• Food Pantry Gets a Makeover, Courtesy of McDaniel’s CTE Art Students

    We dare you to drive by the Mainspring Food Pantry on the corner of 82nd Avenue and Fremont and not do a double take. Or a triple take. 

    Students from McDaniel High School’s art-focused Career Technical Education (CTE) class have spent the last four weeks turning the exterior walls of the pantry into one, huge, joyful mural as part of the course’s exploration of climate justice and community engagement.

    This is the second year in a row McDaniel students have used their skills to beautify a neighborhood building, their first being the Buddhist zen temple, Dharma Rain. 

    According to McDaniel art teacher Clint Harpster, the good people at Mainspring heard about that mural and approached him about having their exterior painted by his talented students. Harpster was more than happy to oblige. He arranged for Mainspring representatives to come talk to his class about their hopes for the project. Students then submitted their vision for the mural and two winning drawings were selected as the mural’s guiding aesthetic.

    Deny Lopez Polino and Casey Coleman were the lead artists on the project. They worked to combine their visions and made preliminary mural mockups from a theme of colorful abundance as a way to honor Mainspring’s mission of providing the community with free clothing and healthy, nurturing food. Then they took feedback from their fellow students and refined their vision further, settling on a mural of fruits, vegetables, and nature scenes in beautiful complimentary colors.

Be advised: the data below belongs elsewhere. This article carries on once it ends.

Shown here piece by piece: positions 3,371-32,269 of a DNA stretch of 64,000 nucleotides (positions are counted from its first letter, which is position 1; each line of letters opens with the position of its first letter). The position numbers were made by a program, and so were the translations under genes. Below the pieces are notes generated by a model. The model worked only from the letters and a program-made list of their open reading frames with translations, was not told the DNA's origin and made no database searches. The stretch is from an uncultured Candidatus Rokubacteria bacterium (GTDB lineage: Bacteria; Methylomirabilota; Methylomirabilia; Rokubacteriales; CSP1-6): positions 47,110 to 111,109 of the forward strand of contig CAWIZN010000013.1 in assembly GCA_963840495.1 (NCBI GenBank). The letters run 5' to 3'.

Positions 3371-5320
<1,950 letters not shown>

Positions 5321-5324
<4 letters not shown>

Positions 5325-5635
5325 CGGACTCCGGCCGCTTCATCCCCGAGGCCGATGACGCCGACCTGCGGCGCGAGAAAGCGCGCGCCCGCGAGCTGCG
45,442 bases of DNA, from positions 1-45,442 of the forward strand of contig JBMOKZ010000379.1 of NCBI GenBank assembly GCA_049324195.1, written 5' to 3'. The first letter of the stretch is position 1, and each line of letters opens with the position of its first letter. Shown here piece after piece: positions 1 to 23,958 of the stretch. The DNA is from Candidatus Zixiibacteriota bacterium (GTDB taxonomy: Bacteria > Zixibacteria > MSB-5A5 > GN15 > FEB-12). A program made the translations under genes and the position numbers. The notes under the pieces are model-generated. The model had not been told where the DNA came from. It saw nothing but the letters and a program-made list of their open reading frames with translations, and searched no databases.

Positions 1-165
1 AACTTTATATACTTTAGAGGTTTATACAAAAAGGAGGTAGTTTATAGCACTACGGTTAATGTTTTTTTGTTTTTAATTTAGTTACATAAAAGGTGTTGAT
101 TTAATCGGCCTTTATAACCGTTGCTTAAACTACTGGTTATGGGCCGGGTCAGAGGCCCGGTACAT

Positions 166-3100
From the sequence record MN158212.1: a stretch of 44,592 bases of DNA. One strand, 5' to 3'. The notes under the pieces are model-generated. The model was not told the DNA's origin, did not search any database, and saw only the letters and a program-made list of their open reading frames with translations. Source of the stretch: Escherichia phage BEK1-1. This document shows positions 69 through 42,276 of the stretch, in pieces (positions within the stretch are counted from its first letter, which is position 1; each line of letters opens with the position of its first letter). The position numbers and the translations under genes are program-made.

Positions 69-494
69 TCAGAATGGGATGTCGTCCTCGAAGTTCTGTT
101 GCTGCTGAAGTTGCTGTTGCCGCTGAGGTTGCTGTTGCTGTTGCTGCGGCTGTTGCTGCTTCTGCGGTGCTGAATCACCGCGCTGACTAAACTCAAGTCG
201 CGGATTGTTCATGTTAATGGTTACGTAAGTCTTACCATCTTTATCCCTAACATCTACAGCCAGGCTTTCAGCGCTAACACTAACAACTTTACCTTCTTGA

“Our vision for the art on the mural was very inspired by the community,” Lopez Polino said. “We wanted to represent the community aspect of Mainspring that it's a place that anyone can come to. It's a place where people can come and be welcomed regardless of differences.”

    All that was left was to get to work.

    “The students are really the stars,” said Harpster. “The lead artists have put together the imagery and they direct their different teams. It’s awesome! My goal each year is to get them to a point by the end where I can stand back and just give them guidance if they ask/really need it, which they rarely do by now.”

    Completing the mural wasn’t without its challenges. The students battled both heat and rain, but they kept going, inspired to honor Mainspring’s important work and bonding in surprising and really wonderful ways.

    “I have never worked on a mural project before,” Coleman said. “I was blown away by the community that was established between me and my classmates throughout this process. We were literally a community working for a larger community. It amazed me that my whole class was able to come together and create something so lovely for an important cause.”

    Harpster said both mural projects have been a win-win-win. 

    “It's honestly been such a fantastic chance to get my students invested in this art form that I absolutely adore,” Harpster said. “They get to really give something to the community, and are interacting with said community in a way that reflects the lessons and things we've practiced in the linked courses too!”

    Working on a mural has been particularly gratifying for both Lopez Polino and Coleman, who get to drive past their work every day.

    “The most important part to me is that the community enjoys it,” Lopez Polino said. “I love hearing all points of view. It tells me what I need to improve on.”

    Coleman agreed. 

    “Before working on this project, I had no idea how positive of an impact murals could have on a community,” she said. “Every day my class gets honks and people approaching us to express their gratitude. I am proud that I was able to participate in a project that made people happier to live in the area.”